Once the Hab was finished and the shuttle unloaded, the guards returned to the shuttle, and it lifted away. None of the Thirty One made any effort to force their way back aboard, to return from their exile. This was, after all, what they had wanted, if not the way they had wanted it. Even Tzvi, who was the most fretful about the long term chances of building a community under these circumstances, had come to terms with the choices that had been made.

Alone, at last, Silver's new Community all stepped into the Hab, doffed their skinsuits and breathers, and sat down to pray, with Silver leading, and Anna serving as cantor, as they had in their synagogue in the A5 district aboard Spring. Rather to everyone's surprise, the service Silver had sent to their tablets was the Rosh Hashanah service.

"We begin new lives, today, my friends. This is the first day of a new era for us. Our calendar starts today, and yes, that means in ten days, we will commemorate the Day of Atonement. Sukkot will coincide with the earliest quick-grow hydroponics being available, and then, on Simchat Torah, we will begin anew the cycle of Torah portions."

And so, they had prayed, and with fervor, focused and dedicated to their new life. The service was long, and for many it became a mind-clearing exercise. By the time it was finally done, everyone was tired, hungry, but also calm. They had many challenges ahead, but they were dedicated to them.

As they ate from the ration packs that would be their main sustenance for a while, they began to talk, in general terms about how they would proceed. They had already decided certain things while still upwell. Richard was still, unanimously, their rabbi as well as their leader, although he genuinely preferred to run things as more a first-among-equals. In this, as  in other ways, Richard had never, and never would, cease to be a child of Spring.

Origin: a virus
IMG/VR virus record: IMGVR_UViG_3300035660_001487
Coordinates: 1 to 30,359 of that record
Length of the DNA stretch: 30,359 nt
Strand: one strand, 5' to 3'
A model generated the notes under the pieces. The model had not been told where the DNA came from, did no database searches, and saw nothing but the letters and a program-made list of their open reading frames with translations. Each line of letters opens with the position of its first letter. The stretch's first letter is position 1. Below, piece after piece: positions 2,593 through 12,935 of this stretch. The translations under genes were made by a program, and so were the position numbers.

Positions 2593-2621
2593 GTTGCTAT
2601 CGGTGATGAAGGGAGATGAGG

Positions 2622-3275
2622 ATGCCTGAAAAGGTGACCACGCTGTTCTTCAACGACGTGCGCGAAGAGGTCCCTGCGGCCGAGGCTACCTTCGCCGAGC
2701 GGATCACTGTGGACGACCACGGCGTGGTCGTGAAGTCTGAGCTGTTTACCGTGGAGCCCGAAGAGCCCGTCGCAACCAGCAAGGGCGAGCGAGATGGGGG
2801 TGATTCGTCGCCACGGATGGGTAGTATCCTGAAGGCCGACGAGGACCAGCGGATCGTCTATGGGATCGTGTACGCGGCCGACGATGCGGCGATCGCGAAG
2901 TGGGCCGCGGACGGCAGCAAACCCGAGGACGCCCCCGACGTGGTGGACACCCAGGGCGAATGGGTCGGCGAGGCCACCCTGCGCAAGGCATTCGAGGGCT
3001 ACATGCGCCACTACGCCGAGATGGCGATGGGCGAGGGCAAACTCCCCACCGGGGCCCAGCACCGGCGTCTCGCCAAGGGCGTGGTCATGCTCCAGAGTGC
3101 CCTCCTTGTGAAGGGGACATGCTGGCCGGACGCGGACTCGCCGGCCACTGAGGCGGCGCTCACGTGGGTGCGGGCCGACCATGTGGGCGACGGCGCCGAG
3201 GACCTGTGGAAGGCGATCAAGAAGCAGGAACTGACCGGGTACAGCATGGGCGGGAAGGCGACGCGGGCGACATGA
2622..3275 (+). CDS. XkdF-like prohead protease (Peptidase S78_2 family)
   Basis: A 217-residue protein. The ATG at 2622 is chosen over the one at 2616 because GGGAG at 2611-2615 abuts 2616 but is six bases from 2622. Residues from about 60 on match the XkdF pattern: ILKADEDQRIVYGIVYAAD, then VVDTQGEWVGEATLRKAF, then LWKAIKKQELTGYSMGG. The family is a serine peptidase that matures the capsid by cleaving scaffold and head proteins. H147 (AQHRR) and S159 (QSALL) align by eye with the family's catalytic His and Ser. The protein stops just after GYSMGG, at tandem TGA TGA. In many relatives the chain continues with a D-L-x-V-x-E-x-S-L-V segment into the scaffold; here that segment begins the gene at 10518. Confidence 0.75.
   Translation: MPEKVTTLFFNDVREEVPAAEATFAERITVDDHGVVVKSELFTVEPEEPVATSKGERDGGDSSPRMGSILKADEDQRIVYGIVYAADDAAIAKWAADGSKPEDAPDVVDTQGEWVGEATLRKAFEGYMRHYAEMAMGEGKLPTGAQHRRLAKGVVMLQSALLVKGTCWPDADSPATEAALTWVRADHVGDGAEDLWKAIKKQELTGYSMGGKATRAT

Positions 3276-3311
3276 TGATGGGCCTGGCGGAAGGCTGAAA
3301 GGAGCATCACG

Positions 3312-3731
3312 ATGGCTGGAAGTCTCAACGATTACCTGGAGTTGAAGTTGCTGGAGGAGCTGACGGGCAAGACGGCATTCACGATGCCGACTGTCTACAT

They were an interestingly assorted group. Richard, as was said, was also a chemist. Anna was a medic, as were Jonathan, and Tzipora. Scott, Elana, Yosef, and Rivka were engineers, and were going to be in charge of setting up the physical plant. Tzvi and Jaime were biologists and Matthew a botanist. The specialties of the others were not as directly relevant to their tasks, but everyone knew they would have to learn some new skills to make this work. The software engineers, in particular, would not really be needed in that capacity for a while. But there would be plenty of things that needed doing.

Finally, with everyone in agreement about what the next few weeks would require, Tzvi spoke up again. He was calm about it, now, at least. "I know you all think I'm obsessed about this, but we really do have a problem and we need to face it squarely. Thirty-one of us would be an inadequate gene pool even if we did not include among us several who are monogamously paired already. We are also, bluntly, an inadequate work force for a long-term occupation of a planet. Even if we somehow managed to produce as many children as we currently have adults, it would be a long time before we had a large enough community... I am trying very hard to face this as a rational problem to be solved, but it's difficult."